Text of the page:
4. Describe Your Plan.
Do you dream of being a rocket scientist? Or a chef at a 5-star restaurant? Do you dream of providing medical care to underprivileged youth? Whatever your dreams are, make sure that you clearly express how you plan to make them a reality. When we ask about your five-year plan, convey to us that you understand that your degree is just one step toward your dream. When awarding scholarships, the scholarship committee weighs how likely your degree is to help get you out of the financial hardships you are currently experiencing and into a rewarding career. We do not make this judgment based on the merit of your degree, but rather how the degree you chose factors into your life plans.
We want to know that once you’ve completed your education, you’ll be able to apply this education to your career and life goals. So, please share your dreams with us, but also be explicit about the practical steps you’re taking now and planning to take in the future to make your dreams a reality.
5. Write With Clarity.
You may be a great applicant, but if you’re unable to clearly state what makes you worthy of a scholarship, it’s unlikely that the committee will see you as such. Be clear about why you need the money. Be clear about why awarding you this money will benefit you, your family, or others.
Don’t try to use words that you would only find in an SAT vocabulary book; we don’t expect you to be Shakespeare! Write like you are having a conversation with us, and go for clarity over artistic flair. Your essay should concisely lay out the reasons why you need and would benefit from this scholarship. We don’t need you to be fancy … just understandable.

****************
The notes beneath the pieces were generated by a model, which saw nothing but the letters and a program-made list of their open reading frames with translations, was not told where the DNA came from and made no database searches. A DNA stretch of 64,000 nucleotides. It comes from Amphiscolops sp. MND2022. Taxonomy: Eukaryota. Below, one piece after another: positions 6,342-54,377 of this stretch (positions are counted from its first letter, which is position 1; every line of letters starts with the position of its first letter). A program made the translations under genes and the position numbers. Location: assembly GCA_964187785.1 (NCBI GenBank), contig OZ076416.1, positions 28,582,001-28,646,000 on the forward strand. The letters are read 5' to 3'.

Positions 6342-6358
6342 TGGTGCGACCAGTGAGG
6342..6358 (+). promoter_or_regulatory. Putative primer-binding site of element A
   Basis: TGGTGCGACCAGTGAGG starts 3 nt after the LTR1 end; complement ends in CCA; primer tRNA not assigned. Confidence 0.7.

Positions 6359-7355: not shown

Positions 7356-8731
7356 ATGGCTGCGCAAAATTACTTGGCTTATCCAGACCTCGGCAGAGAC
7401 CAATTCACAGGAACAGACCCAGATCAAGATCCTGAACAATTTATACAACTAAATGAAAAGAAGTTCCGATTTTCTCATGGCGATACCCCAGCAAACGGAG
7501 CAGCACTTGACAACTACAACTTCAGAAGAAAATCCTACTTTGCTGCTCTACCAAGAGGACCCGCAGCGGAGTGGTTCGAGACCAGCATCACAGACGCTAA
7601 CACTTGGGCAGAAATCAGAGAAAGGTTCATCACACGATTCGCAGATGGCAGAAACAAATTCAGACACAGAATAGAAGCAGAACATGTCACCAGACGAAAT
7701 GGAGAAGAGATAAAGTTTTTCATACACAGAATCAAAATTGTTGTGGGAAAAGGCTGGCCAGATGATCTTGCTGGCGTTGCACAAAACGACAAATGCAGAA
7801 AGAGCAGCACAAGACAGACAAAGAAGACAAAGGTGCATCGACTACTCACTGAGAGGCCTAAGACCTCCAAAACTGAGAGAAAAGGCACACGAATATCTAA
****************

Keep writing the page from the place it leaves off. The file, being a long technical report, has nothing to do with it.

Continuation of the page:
6. Check Your Work.
Proofread your application, and pay attention to your word count! Proofread your application, and pay attention to your word count! We cannot stress this enough! While we try not to judge grammar and spelling mistakes too harshly, having multiple mistakes throughout your application makes the application harder for the committee to read and comprehend. You want to make sure that everything you are providing to the committee is as easy to understand as possible – and that includes correct grammar and spelling. So, take the time to have a family member, friend, or coworker look over your application before you send it off.
Additionally, we have included the suggested word count for a reason. If your answers are under 300 words, it’s unlikely that you have provided us with enough information about your situation to clearly convey why you should be awarded this scholarship. And, as the committee is tasked with reading numerous applications, it just isn’t possible for us to read more than 500 words per answer. In fact, our system will not allow you to enter more than 500 words into each text box. So, if you have copied and pasted your answer from a Word document, scroll down to the bottom of the text box to confirm that your ENTIRE answer is there.